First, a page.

Israel set to deport hundreds of Congolese migrants after scrapping protection

Israel set to deport hundreds of Congolese migrants after scrapping protection
Hundreds of migrants from the Democratic Republic of Congo are set to be deported from Israel as the government has scrapped the special status they are afforded in the country.

Israel’s Population and Immigration Authority announced in a notice on its website that Interior Minister, Arye Dery, has decided to revoke the migrants’ general temporary protection status after the Foreign Ministry determined that there was no reason not to send them back to their home country.

The notice said that Congolese nationals must leave now Israel by 5 January 2019, after which they could face deportation. The authority added it will not issue residence permits past that date. The special protection was in place for nearly 20 years after hundreds of Congolese fled to Israel following violence in their country in the 1990s.

The Hotline for Refugees and Migrants, an Israeli organization dedicated to refugees' rights, described the decision as “another failure”, Haaretz reports. It added that the agency has been dragging out the process of evaluating the asylum requests of more than 200 Congolese nationals “and now it is demanding that they return to a dangerous country where the situation has still not stabilized.”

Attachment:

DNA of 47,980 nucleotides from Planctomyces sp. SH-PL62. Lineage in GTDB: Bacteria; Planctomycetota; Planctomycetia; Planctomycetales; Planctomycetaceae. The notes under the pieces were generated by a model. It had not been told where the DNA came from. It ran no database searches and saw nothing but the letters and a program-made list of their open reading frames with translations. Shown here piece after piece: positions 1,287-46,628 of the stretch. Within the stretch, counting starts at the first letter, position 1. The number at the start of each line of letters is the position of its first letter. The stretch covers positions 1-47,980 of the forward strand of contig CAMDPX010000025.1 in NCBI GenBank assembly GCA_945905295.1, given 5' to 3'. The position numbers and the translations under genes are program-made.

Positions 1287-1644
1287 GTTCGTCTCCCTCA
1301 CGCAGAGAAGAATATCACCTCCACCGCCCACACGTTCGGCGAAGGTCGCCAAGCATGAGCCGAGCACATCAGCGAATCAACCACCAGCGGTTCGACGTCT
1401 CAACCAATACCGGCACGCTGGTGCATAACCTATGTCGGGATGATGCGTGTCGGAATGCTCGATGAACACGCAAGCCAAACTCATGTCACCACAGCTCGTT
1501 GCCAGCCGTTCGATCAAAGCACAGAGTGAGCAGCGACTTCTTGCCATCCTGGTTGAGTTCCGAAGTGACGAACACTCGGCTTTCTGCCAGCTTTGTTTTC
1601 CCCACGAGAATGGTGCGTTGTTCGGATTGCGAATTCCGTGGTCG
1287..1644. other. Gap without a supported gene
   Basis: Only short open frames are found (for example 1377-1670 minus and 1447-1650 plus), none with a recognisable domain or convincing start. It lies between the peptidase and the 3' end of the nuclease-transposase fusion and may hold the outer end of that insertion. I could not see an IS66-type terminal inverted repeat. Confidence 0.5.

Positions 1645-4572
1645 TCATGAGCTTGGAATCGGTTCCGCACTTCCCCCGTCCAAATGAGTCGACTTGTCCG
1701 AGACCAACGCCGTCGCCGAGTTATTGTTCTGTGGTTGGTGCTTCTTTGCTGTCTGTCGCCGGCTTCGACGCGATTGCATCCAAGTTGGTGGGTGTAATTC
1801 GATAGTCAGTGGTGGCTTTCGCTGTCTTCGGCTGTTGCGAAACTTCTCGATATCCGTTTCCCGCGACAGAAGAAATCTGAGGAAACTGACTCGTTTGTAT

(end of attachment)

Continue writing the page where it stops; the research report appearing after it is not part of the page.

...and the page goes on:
Last week Human Rights Watch said that there has been a series of massacres in eastern DR Congo in the past four years and at least 235 people have been killed so far in 2018.

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“Many were hacked to death with axes or machetes or shot dead. More than 165 civilians have been kidnapped for ransom or abducted, and dozens of others have been wounded or disappeared this year,” the NGO said.

It added that the attacks were hampering efforts to combat an Ebola outbreak which has killed more than 70 people since August.

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